How we see things and how we choose to present them to the viewer is the key difference between photographers and camera owners. Anyone can pick up a camera and take a picture, but it takes a special way of seeing to really capture the essence and atmosphere of a particular moment.
(Above) This might just be one of the most interesting compositions we’ve received on #IAMTHESPEEDHUNTER. It’s simple, yet so interesting and detailed.
Horizontal lines play an important part of this image. Not only do they help to emphasize this Ford Popular’s nose-down stance, but they also offer a contrast against the more gentle lines of the car’s body.
This is a pretty damn good example of ‘capturing the moment’. As always from Rens, the black and white conversion is solid whilst the depth of field control and sharpness is on point.
Another image that utilises horizontals to make it interesting, except this time the lines have been created in-camera by using a slow shutter speed and panning with the car.
Allowing for the shade, Max ensured to capture this Fabia S2000 before it moved into the darkness, which would have thrown off his exposure and white balance. The shadow across the bottom and the background at the top create a sort of natural letterbox perspective.
This is a great example of demonstrating speed at a high shutter speed. You can see the heat haze and the dust being blown aside by the car thanks to Kuba’s depth of field control.
I’ve never been a fan of selective colouring but I’ll concede defeat on this one. This looks like something Audi might hang on the walls in its VIP areas. Brilliant.
Garrett gets an almost instant pass into this edition of #IATS with this achingly-cool shot of a 12C Spyder which he shot on a 1965 Polaroid 103 Land Camera. If this story is late being published, it’s because I’m now on eBay looking at vintage cameras. Again.
Francisco has used an effect here known as turning focal plane. Well, it’s actually more a by-product of slow shutter panning than an effect, but it’s something we’ll discuss in a future Speedhunters Photography Guide post.
I don’t think I need to explain why this is here. It’s a perfect case-in-point of that special ability to see things not normally apparent at first glance.
A solid front three quarter shot here from Dario. Good control over exposure, depth of field and tack sharp to boot. The trace of lens flare adds to the image nicely too.
Anyone who has been inspired by Larry’s awesome remote camera work over the last few years and tried their hand at it themselves, will acknowledge just how difficult it is to get right. This is a sterling effort. Well done, Chris.
Carlos has been consistently delivering lots of visually-interesting, and mostly ZN6-orientated work over the last few posts, and this is no different. It’s quite a cinematic shot, akin to a screen grab from a feature film. Fantastic.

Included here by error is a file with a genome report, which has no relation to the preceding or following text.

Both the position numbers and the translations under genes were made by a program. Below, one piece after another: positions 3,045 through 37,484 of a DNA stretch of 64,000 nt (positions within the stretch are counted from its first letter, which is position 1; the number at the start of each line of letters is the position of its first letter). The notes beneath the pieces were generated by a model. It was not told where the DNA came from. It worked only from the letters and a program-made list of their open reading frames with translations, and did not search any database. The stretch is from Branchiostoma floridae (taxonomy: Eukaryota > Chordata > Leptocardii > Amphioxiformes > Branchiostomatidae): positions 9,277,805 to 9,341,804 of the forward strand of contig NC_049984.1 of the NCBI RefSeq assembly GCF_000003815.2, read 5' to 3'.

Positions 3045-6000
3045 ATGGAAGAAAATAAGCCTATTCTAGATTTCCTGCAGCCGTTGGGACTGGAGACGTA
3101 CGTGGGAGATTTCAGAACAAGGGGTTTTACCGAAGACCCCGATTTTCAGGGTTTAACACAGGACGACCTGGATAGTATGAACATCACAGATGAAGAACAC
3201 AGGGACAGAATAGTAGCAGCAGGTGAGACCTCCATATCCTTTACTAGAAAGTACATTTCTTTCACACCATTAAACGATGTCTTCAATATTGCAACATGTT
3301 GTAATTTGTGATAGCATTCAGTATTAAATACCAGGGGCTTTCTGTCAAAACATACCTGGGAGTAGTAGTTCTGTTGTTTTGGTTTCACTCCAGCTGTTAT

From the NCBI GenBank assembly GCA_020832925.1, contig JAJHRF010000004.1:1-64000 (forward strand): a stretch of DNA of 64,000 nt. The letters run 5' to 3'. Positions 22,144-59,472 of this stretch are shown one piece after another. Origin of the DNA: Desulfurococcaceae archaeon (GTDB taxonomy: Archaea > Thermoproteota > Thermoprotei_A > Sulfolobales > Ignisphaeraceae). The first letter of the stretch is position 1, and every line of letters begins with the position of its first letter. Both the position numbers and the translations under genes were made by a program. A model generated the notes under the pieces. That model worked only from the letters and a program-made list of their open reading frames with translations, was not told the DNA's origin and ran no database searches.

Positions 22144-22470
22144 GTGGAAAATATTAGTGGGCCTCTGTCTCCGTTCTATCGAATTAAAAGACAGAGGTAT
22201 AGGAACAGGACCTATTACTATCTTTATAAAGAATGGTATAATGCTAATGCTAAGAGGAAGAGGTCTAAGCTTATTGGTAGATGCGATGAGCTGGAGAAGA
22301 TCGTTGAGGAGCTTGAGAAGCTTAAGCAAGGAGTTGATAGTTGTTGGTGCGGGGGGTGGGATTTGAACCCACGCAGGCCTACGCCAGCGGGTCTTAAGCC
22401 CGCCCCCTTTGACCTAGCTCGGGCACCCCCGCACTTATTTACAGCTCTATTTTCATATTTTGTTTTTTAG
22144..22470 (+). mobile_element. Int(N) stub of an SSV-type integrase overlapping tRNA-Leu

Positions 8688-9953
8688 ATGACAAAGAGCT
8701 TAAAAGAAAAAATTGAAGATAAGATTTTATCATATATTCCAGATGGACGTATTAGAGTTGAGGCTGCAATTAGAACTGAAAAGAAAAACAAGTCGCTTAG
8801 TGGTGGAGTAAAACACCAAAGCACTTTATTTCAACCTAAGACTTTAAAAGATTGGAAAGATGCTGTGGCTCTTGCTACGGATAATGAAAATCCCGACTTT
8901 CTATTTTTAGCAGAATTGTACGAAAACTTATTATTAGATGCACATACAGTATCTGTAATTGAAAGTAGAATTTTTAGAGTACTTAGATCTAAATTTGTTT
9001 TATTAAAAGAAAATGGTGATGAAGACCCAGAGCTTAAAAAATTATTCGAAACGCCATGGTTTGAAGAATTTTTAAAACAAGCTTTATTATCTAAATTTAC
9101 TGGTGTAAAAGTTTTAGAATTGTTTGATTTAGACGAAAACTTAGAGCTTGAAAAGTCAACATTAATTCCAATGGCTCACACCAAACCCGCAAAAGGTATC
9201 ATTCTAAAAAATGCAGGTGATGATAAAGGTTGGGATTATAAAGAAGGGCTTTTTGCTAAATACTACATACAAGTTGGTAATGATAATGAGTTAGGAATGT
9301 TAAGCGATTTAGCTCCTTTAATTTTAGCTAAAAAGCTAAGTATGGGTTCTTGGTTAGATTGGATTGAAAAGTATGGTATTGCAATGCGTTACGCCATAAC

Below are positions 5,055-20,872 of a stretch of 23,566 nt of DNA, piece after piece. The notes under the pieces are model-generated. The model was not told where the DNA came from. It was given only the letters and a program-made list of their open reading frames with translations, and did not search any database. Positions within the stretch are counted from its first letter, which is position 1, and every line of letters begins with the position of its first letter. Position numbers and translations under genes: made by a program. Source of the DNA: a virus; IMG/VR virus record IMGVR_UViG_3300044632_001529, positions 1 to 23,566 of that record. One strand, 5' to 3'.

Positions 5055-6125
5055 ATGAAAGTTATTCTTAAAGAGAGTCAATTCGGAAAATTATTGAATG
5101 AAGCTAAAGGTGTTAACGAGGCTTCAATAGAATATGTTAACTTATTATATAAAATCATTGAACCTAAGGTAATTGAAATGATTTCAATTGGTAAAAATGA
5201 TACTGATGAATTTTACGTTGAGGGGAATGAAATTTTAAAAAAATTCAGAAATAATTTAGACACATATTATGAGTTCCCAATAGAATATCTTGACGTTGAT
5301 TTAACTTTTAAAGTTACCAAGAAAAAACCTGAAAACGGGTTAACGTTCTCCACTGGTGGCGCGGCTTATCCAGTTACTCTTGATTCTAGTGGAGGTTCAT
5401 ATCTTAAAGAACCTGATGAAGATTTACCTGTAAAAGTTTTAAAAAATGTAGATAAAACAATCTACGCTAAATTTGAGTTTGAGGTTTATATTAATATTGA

Any of you who have studied photography will have no doubt been told at one stage or another that blowing out your highlights is a bad thing. This image provides the counterpoint to that argument in that rules are meant to be broken. If anything, the white sky just emphasises how harsh the light is, and to a degree the heat of the day. A really nice conversion.
Finally for this week, Antoine’s capture of this Shelby passing through a brief burst of sunlight sees us out for another episode of #IAMTHESPEEDHUNTER.
Remember, if you want to contribute to #IAMTHESPEEDHUNTER, check out the details below.
Safe & happy shooting.
We created #IAMTHESPEEDHUNTER to allow you the opportunity to share your skills and car culture experiences from around the globe with the rest of the Speedhunters audience.
How do you get involved? It’s simple…
Flickr - Join our #IAMTHESPEEDHUNTER Flickr Group and share your favourite photos with us and others.
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E-Mail – If you’ve been to a cool event and captured some amazing images, be sure to e-mail them to us on firstname.lastname@example.org and tell us a little bit about the event. The images need to be a minimum of 800×533 pixels.
Have you submitted already but yet been featured? Here are some tips to help you…
DO – Tell us your name!
DO – Submit your best work, regardless of when it was taken
DO – Take your time shooting and consider each detail
DO – Try to submit each image no larger than 1000PX wide
DON’T – Put a huge watermark on it. We’ll make sure you’re credited
DON’T – Send us huge image files that kill our e-mail system
DON’T – Send us scary ZIP or RAR files
For further reading on #IAMTHESPEEDHUNTER, you can read our Let’s Talk About post HERE.